Who Buys AI? Common Roles and Titles of Enterprise AI Buyers

Daniel Faggella

Daniel Faggella is Head of Research at Emerj. Called upon by the United Nations, World Bank, INTERPOL, and leading enterprises, Daniel is a globally sought-after expert on the competitive strategy implications of AI for business and government leaders.

Enterprise AI Buyers
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Over the last three years, I’ve helped dozens of enterprises and global organizations with AI strategies, AI product development, and competitive intelligence initiatives through our work at Emerj – particularly through our AI Opportunity Landscape research.

On top of that, I’ve been a part of the lead generation and marketing efforts for nearly 50 AI startups around the world – helping them reach AI buyers in almost every sector – from banking to manufacturing and beyond (via our Emerj Creative Services for AI Brands).

Most AI companies are a mix of product and service providers, and hardly anybody in AI firm is selling plug and play solutions. AI services often require lengthy white-glove customization, building, integrating, tweaking, and learning from client to client. As such the consultative sale is almost always the case for AI solutions, and sales cycles for AI products are often made longer and more complicated by the new factors that AI (as opposed to traditional software) introduces. 

Across all the AI procurement teams I’ve worked with, and all the vendors I’ve helped sell, I’ve come across three broad categories of roles that tend to be the right place to “land and expand” for AI product companies, AI service companies, and AI consultants.

In this article, I’ll explore these three role categories, provide example roles and seniority for typical AI buyers, and also provide advice about whether or not a specific title or role might be (or not be) a fit for what you offer. I’ll end with some important considerations specifically for AI consulting and services firms.

Common Factors

Regardless of what role category the buyer fits into, the best potential AI buyer prospects have three factors in common, in the following order of importance:

  1. They have the ability to wield budget. Their role commonly involves wielding budget, or heavily influencing budget decisions. If your prospect generally does not wield influence in procurement decisions, they’re unlikely to be a strong prospect for your services – as their influence is likely to stay small.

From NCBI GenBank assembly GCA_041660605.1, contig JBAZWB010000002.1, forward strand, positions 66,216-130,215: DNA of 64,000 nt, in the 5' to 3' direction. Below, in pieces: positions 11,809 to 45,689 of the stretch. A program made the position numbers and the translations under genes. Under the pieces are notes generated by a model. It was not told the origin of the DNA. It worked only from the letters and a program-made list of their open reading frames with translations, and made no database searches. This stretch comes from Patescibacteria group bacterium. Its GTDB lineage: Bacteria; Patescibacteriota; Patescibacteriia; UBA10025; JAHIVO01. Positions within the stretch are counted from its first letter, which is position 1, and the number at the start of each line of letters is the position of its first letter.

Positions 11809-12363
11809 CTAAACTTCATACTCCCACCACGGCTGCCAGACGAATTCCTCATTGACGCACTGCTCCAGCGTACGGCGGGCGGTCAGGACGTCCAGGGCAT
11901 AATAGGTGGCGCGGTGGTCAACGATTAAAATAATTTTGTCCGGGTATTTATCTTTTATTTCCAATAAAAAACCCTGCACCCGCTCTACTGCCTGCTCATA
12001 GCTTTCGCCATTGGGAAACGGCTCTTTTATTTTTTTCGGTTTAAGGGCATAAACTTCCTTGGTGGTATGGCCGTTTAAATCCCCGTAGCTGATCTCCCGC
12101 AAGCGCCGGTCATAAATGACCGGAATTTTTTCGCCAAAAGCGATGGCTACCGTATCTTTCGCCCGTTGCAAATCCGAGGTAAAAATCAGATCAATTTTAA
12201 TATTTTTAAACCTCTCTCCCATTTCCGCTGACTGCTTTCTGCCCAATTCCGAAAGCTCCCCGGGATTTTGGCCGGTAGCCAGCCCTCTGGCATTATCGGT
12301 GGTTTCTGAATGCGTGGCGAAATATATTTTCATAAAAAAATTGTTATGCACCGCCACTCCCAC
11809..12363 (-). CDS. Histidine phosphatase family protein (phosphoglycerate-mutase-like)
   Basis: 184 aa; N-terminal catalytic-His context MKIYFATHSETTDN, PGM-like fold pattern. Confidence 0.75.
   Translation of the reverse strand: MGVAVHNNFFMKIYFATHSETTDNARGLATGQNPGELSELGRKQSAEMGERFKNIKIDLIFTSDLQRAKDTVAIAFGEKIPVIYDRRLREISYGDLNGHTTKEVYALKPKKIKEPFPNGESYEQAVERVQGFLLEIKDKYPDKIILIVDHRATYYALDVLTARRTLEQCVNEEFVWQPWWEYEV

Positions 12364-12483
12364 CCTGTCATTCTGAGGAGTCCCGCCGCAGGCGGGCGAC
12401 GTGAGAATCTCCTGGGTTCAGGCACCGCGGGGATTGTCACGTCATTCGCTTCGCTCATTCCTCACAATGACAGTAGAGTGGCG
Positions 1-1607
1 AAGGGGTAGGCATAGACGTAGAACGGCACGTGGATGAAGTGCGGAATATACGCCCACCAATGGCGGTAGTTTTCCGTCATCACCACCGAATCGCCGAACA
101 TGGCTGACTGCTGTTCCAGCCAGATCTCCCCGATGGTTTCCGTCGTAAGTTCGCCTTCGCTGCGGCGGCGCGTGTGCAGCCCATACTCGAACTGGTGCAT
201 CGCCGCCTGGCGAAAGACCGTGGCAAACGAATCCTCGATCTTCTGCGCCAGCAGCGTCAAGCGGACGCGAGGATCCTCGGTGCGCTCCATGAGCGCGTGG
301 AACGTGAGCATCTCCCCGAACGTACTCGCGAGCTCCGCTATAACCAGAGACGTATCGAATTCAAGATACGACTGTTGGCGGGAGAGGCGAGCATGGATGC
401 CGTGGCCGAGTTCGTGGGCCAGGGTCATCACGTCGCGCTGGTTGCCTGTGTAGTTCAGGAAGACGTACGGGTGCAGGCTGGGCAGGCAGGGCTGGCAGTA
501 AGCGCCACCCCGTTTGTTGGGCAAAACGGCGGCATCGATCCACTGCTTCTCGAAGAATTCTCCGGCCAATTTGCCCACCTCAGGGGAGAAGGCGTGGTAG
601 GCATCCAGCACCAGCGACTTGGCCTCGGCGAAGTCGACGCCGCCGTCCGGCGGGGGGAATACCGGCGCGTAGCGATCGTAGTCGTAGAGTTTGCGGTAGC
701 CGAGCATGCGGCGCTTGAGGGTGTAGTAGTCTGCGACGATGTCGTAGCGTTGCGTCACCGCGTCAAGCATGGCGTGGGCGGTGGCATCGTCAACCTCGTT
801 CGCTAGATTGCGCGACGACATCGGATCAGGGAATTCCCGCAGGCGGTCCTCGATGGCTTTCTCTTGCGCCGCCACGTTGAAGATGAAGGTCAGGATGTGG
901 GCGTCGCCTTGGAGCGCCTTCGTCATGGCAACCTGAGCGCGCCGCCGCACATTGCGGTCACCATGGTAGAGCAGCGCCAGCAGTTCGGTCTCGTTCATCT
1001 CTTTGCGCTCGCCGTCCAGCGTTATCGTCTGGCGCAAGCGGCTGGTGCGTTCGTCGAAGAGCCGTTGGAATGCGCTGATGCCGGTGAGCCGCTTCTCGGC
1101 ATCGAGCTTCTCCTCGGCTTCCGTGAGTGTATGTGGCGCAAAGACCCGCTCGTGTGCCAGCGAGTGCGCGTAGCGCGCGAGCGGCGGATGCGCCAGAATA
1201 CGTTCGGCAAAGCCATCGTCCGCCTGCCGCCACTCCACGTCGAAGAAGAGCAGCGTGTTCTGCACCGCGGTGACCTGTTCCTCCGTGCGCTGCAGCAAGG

2. They have a problem that you can solve directly. Buyers want to solve a problem or alleviate a pain. Without a pressing problem that your product can address, a buyer is unlikely to take a first call, and even less likely to take a second call. Ensure that the person you’re speaking to has an objective in mind – or a pain that they’re struggling with – which your product or service is uniquely suited to solve.
  3. They have a personal motivation for the project. Some stakeholders are personally excited to build their resume for a next role within their company, or as a point of validation on their resume. Others are simply personally driven towards innovation projects and finding new ways of doing things. Ask: Does this stakeholder believe that this project could improve their career position or value?

The first two factors are essential. Without the ability to buy, and without a pressing problem to address, a lead isn’t worth much.

The third factor is personal, and isn’t necessary in order to get a sale closed. That said, all things being equal, a prospect with a personal motivation is better than one without. It almost always behooves an AI vendor to determine – through conversation – if there is any personal enthusiasm for the project or initiative in question, and to leverage that existing desire appropriately so long as it genuinely aligns with the goals of the client company.

Common Functional AI Buyer Roles

Most of the time, AI vendors target the functional side of the organization for lead generation.